- Luggage Making Machine
- Suitcase Making Machine
- Plastic Sheet Extruder Machine
- Vacuum Forming Machine
- Luggage Cutting Machine
- Hole Punch Machine
- CNC Router Machine
- Auxiliary Machine ＆ Parts
- Luggage Testing Machine
- Luggage Wrapping Machine
- Luggage Accessories
- ABS Luggage Bag
How to Make a CNC Router From a Radial Arm Saw
I can control cutting and engraving things with a computer.
You can certainly do better with more expensive parts, but this project gives me a chance to learn a lot about CNC machines without spending a lot of money.
A friend gave me his radial arm saw when upgrading to a new Mitter saw, and there was no room for both.
I saw a CNC router made by aradial arm on YouTube and decided to give it a try.
Now, let me summarize what I have done.
Hope to help you.
Before trying any of these, please read the safety knowledge of carpentry and power tools and proceed with Step 1. . .
This video provides a quick view of the finished CNC router and all its main components.
I did a lot of \"use what you have\" designs for this machine.
If you want to reuse old stuff for similar projects, please post it in the comments.
You might want to buy something that I already lay there.
If so, try going through the local thrift store or check it out online.
For me, some items are reused: Other items are what I have to buy: List of tools I purchased for use in the router: for each of the three axes, you need to limit the movement in one direction and control the position with the motor and the screw (first photo).
As I mentioned earlier, I installed it in the kitchen cabinet with a wire drawer.
When the router cuts the workpiece, it provides a convenient rest platform for the workpiece.
The disadvantage of this method is that it is not very stiff in the Y direction.
I improved this by installing bearings on the table opposite them on both sides of the drawer (second photo).
I expand the range of motion by removing the rubber block and bending its support.
Push the moving drawer, I hold the bottom drawer of the nut with Type pclamp (third photo).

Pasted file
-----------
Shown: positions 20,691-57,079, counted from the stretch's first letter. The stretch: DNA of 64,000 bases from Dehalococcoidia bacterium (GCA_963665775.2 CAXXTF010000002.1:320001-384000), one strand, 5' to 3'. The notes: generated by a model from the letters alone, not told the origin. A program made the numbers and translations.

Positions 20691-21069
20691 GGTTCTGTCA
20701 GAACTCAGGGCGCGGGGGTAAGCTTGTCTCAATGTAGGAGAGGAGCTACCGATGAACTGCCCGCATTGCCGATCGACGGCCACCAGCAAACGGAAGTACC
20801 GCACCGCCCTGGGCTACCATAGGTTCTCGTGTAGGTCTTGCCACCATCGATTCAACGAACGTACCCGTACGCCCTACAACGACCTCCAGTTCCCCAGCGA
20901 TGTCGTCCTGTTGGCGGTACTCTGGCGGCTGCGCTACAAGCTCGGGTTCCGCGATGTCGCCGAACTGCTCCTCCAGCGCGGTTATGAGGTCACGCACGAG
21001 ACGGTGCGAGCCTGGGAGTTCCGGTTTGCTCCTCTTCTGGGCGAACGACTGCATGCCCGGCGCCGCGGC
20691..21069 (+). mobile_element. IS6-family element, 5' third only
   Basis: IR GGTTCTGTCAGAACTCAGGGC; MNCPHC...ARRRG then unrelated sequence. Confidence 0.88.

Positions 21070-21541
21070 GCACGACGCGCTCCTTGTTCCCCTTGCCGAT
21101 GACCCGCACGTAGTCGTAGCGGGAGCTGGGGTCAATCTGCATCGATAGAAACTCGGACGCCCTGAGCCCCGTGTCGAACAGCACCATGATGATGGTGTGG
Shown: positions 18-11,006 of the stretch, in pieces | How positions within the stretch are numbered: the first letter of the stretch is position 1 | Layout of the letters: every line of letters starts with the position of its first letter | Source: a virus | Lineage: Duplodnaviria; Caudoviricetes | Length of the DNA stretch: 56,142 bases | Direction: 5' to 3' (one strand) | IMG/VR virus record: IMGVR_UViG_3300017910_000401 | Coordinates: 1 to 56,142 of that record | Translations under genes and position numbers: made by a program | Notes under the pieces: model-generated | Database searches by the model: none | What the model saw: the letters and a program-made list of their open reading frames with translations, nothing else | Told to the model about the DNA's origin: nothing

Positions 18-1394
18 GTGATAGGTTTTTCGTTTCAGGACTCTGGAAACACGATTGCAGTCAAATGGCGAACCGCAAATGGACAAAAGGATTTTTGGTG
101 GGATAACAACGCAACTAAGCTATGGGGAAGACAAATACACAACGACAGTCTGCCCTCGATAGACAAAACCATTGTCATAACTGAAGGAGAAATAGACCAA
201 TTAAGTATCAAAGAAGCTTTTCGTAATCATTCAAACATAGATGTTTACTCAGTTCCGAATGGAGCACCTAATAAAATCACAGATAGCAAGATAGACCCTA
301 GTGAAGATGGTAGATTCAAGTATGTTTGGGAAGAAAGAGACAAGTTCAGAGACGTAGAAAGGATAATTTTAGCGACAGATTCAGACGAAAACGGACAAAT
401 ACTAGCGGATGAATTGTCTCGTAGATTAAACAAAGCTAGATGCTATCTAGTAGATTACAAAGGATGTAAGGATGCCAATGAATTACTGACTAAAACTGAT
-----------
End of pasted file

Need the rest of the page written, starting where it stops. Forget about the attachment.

I drilled a hole in the clip and the nut was big enough to make a short screw myselfThe way it is clicked.
I added a little glue to the thread to prevent it from loosening.
Make sure the screws and holes do not interfere with the thread of the nut.
Make sure the screw is turned freely in the nut.
I installed the lead screw with the bearing, and each end was installed in the bearing block I made of a hard plate piece connected with Gorilla Glue.
I put the building blocks in a hard plank passage.
I installed the motor on the hard plate bracket and connected it to the screw with a flexible coupling.
I use a coupling of 5mm x 5mm so I can drill onto the screw and tap on one end.
There are fixed screws at both ends of the coupling to prevent slipping.
The motor has a round shaft, so I grind a small plane on the shaft to accommodate a fixing screw.
The last key part of the shaft is to install the limit switch on the table where the extreme end nut of the drawer stroke arrives.
I stick a hard board to the stand and fix the nut to the drawer so it can turn on the switch.
The shaft is controlled by the sliding guide of the saw.
The trick to using it in this project is to install the screw nut on the bracket.
Fortunately, my saw has a lot of useful threaded holes for this purpose.
Plastic covers are on both sides of the top of the compartment, fixed with screws. Bingo!
I removed the plastic cover and made a plywood bracket to reach the hole at the bottom, to the top of the arm, and to install around all the bumps.